I am writing this 10 days early, because who knows whether I will have the same amount of uninterrupted alone time 10 days from now.

Five years ago today, my cousin died. He was in a car on the tracks when a train came by and dragged his vehicle nearly 100 feet. And just like that, he was gone.

Josh was 30 years old and I was in my early teens. I didn’t know him very well. I cannot ever feel the same type of warmth he brought to my other cousins’ lives, and I will never be able to feel the same pain they feel in their hearts every time they think of him. He was the random cousin who signed his name when I walked around the campfire with a sharpie and a white t-shirt, trying to collect something from everyone. He was the cousin who played the guitar around the campfire and played country songs with such a full, soulful voice you had to listen. I cannot ever know his light or feel his friendship, but I know the richness and sorrow that his voice pours into my heart when I listen to him sing in YouTube videos.

pick
Guitar picks that were distributed at Josh’s memorial in 2012. Photo courtesy Facebook

That’s one powerful thing about the internet: it makes it easy to mourn for those we barely knew, and it allows us to mourn from a distance. If I had grown up 50 years earlier, I may never have been able to feel the same emptiness in my heart for a cousin I barely saw and hardly knew. To mourn him properly, I would have to make trips to his grave or memorial site, both located in Ritzville, Washington. Instead, I can sit alone in my room on the fourth floor of an apartment building in Thessaloniki, Greece, and scroll through his Facebook feed, look at photos of him with his daughters, watch videos of him singing, and become overwhelmed with grief that this man in no longer in the world. The internet allows us to understand our losses, and to remember them even when time and location would not normally allow.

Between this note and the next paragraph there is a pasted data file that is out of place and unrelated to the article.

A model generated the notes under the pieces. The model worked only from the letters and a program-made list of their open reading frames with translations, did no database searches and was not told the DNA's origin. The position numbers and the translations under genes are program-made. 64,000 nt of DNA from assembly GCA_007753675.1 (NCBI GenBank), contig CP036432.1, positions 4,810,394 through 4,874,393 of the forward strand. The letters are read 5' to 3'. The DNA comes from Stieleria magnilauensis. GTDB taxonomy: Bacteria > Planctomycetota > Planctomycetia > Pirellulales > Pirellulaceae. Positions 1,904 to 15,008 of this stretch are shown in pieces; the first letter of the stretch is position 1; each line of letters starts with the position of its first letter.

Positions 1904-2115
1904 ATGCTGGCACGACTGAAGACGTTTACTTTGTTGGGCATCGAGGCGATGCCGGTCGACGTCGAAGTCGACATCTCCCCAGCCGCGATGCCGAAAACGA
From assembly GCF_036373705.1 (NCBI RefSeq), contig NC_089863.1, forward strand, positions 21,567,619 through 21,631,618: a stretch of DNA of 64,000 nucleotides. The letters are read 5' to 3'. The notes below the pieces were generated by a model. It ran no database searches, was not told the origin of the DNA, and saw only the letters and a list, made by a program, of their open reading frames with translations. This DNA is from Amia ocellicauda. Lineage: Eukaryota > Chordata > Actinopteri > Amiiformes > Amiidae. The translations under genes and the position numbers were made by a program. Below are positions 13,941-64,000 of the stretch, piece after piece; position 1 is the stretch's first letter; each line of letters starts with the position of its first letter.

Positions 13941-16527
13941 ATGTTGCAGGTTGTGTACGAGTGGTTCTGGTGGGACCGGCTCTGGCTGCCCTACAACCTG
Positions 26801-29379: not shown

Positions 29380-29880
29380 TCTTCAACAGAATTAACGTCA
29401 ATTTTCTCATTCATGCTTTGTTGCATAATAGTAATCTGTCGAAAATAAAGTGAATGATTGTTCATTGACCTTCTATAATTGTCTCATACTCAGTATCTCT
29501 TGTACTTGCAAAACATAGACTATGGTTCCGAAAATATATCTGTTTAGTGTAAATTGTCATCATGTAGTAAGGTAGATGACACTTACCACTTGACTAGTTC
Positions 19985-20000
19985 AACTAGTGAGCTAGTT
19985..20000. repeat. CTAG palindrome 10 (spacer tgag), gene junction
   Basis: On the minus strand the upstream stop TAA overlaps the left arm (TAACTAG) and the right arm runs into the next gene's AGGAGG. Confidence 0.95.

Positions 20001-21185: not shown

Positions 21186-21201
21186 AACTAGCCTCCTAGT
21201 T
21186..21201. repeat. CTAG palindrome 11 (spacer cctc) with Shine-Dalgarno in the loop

I see the pain of Josh’s loss etched on the faces of my family members. I feel the lack of him when my cousins talk about him or post old photos on his page. I feel his loss when I listen, over and over again, to his cover of American Soldier. A rendition, I might add, which I think is better than the original.

And I see and feel all of this from a computer screen thousands of miles away. That is the beauty – and the pain – of this crazy, connected world that we live in today. I miss you, Josh, and I will continue to miss you more and more through the lenses of those who loved you most.

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